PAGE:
Temperatures from the five towers on the eastern sidewall (T1–T5) are shown in Fig. 4a for the entire experimental period. Figure 4b shows the corresponding wind speed at T5, near the eastern gap. This site is the highest site having continuous wind data but does not necessarily sample the generally stronger winds above the basin, especially once the cold pool forms in the basin. Figure 4c presents the corresponding net radiation and sensible heat flux data collected at the basin floor. Temperature inversions (Fig. 4a) formed regularly in the basin. The strongest inversion and smoothest cycle of cooling observed during the experimental period occurred during the night of 8–9 September (EXP1). At the basin floor, T1 experienced a diurnal temperature range of nearly 30°C on this night, when winds at T5 were generally below 1 m s−1. The diurnal temperature range decreased with elevation in the basin, with the uppermost tower (T5) experiencing an 18°C temperature range. The temperature difference between the T5 and T1 towers, which are 55 m apart in elevation, reached 16°C at sunrise. On the night of 9–10 September, cooling at all elevations was much reduced when winds above the basin became stronger (reaching over 3 m s−1 at T5). Intermittent warming events occurred at all elevations in the basin as the warmer temperatures aloft were mixed downward. During the night of 10–11 September (EXP2), an inversion that began to build up during the evening broke around midnight when strong winds (reaching over 4 m s−1 at T5) mixed warmer air downward into the basin. On the night of 11–12 September (EXP3) a strong inversion similar to that of EXP1 formed in the basin, although its initiation was delayed by about 1 h by strong afternoon winds. The winds reached 10 m s−1 at T5 in midafternoon but dropped below 2 m s−1 by astronomical sunset.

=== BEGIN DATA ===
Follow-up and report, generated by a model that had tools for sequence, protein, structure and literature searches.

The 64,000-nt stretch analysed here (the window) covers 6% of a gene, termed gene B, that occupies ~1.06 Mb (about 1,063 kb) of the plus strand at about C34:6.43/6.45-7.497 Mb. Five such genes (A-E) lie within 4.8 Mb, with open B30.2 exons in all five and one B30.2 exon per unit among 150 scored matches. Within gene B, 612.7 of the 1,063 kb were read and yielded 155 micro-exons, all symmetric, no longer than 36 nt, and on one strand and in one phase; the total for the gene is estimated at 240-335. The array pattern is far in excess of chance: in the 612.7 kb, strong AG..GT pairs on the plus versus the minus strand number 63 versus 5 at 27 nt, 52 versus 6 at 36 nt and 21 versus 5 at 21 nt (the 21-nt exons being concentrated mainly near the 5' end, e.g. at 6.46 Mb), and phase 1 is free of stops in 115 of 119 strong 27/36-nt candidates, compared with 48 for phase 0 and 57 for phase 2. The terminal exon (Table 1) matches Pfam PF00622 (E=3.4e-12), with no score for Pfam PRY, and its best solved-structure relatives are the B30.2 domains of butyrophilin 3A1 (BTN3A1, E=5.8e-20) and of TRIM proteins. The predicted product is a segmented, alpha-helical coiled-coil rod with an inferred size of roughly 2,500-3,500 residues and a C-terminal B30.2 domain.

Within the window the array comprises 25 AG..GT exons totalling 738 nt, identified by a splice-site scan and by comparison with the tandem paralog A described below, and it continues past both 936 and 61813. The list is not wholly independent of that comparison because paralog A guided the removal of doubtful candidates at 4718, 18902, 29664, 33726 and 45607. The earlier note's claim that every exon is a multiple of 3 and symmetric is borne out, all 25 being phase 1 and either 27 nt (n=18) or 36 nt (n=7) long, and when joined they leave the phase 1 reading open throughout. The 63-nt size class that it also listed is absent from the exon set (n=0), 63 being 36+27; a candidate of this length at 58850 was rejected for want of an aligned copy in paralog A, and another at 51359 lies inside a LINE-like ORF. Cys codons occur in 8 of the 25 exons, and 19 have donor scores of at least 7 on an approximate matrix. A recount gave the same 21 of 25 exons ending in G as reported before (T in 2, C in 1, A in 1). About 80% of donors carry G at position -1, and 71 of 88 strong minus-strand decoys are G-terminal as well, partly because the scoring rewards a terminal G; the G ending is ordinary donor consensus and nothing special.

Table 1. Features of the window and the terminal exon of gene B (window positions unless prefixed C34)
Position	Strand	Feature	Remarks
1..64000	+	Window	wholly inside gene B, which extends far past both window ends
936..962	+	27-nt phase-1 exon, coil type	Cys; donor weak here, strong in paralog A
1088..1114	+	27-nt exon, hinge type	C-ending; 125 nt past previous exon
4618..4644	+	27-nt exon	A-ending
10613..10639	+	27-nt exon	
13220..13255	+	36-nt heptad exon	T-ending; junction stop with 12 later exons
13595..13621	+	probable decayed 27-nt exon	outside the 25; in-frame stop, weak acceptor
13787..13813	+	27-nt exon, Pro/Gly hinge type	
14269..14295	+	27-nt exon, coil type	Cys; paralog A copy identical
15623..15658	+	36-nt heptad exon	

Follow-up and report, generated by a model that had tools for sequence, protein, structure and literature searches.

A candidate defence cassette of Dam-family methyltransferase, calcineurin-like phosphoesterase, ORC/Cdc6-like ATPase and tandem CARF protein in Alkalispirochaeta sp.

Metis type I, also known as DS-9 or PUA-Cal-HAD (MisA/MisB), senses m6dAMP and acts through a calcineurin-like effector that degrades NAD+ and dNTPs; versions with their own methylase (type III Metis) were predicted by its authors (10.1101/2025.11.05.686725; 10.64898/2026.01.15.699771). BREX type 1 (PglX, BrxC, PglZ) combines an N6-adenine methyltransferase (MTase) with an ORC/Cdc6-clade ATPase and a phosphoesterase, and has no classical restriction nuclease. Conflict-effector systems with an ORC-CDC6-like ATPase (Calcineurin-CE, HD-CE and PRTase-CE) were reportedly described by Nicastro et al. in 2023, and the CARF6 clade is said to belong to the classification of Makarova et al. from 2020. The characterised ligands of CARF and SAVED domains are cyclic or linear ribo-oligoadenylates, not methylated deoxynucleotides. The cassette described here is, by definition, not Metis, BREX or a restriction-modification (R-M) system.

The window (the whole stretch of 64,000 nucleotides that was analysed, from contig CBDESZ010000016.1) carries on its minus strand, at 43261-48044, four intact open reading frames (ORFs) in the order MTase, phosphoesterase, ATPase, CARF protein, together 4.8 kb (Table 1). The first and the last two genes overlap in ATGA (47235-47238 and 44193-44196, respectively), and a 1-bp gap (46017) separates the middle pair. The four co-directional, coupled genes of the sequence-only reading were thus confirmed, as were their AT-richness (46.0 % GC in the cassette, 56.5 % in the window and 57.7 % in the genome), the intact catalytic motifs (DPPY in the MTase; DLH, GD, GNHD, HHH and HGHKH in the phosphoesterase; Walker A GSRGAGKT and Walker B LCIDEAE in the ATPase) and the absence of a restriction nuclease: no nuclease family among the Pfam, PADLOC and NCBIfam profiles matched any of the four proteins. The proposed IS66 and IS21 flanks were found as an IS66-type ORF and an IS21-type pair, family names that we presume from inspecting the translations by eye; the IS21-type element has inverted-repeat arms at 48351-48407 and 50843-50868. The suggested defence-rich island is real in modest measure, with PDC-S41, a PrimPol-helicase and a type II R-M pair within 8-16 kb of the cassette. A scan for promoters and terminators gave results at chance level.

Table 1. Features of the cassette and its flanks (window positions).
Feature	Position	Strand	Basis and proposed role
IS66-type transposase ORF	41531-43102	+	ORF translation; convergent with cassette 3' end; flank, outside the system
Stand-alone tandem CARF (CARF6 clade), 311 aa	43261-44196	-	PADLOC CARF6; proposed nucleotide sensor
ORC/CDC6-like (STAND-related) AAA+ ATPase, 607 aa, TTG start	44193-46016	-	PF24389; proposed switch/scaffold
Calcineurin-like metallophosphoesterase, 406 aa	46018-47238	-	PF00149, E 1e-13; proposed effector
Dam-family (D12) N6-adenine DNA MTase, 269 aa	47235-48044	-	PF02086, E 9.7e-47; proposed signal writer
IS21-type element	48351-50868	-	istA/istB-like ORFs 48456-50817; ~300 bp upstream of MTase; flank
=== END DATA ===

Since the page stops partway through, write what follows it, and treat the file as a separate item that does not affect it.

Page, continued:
Net radiation and sensible heat flux on the basin floor followed a regular pattern of behavior from night to night (Fig. 4c). Sensible heat flux was generally 0 during the nights, except for a period from 0300 to 0630 MST on 11 September when winds aloft broke into the basin, producing heat fluxes that dropped to −60 W m−2, and a period each evening between local sunset and astronomical sunset (about 1700–1849 MST) when fluxes reached from −20 to −30 W m−2. This latter period corresponded to the time during which downslope flows were strongest at the foot of the basin slopes. Near-zero sensible heat fluxes at night are not unexpected, because they have been reported by Whiteman et al. (1989, 1996) and Kondo et al. (1989) for other basins. Net radiation fell rapidly at local sunset, reaching its minimum of −80 to −90 W m−2 by astronomical sunset and then increasing slowly to about −60 W m−2 by astronomical sunrise. Previous investigators have found somewhat weaker nighttime net outgoing radiation in other lower-elevation basins and valleys under similar synoptic conditions (Whiteman et al. 1996; Iijima and Shinoda 2000).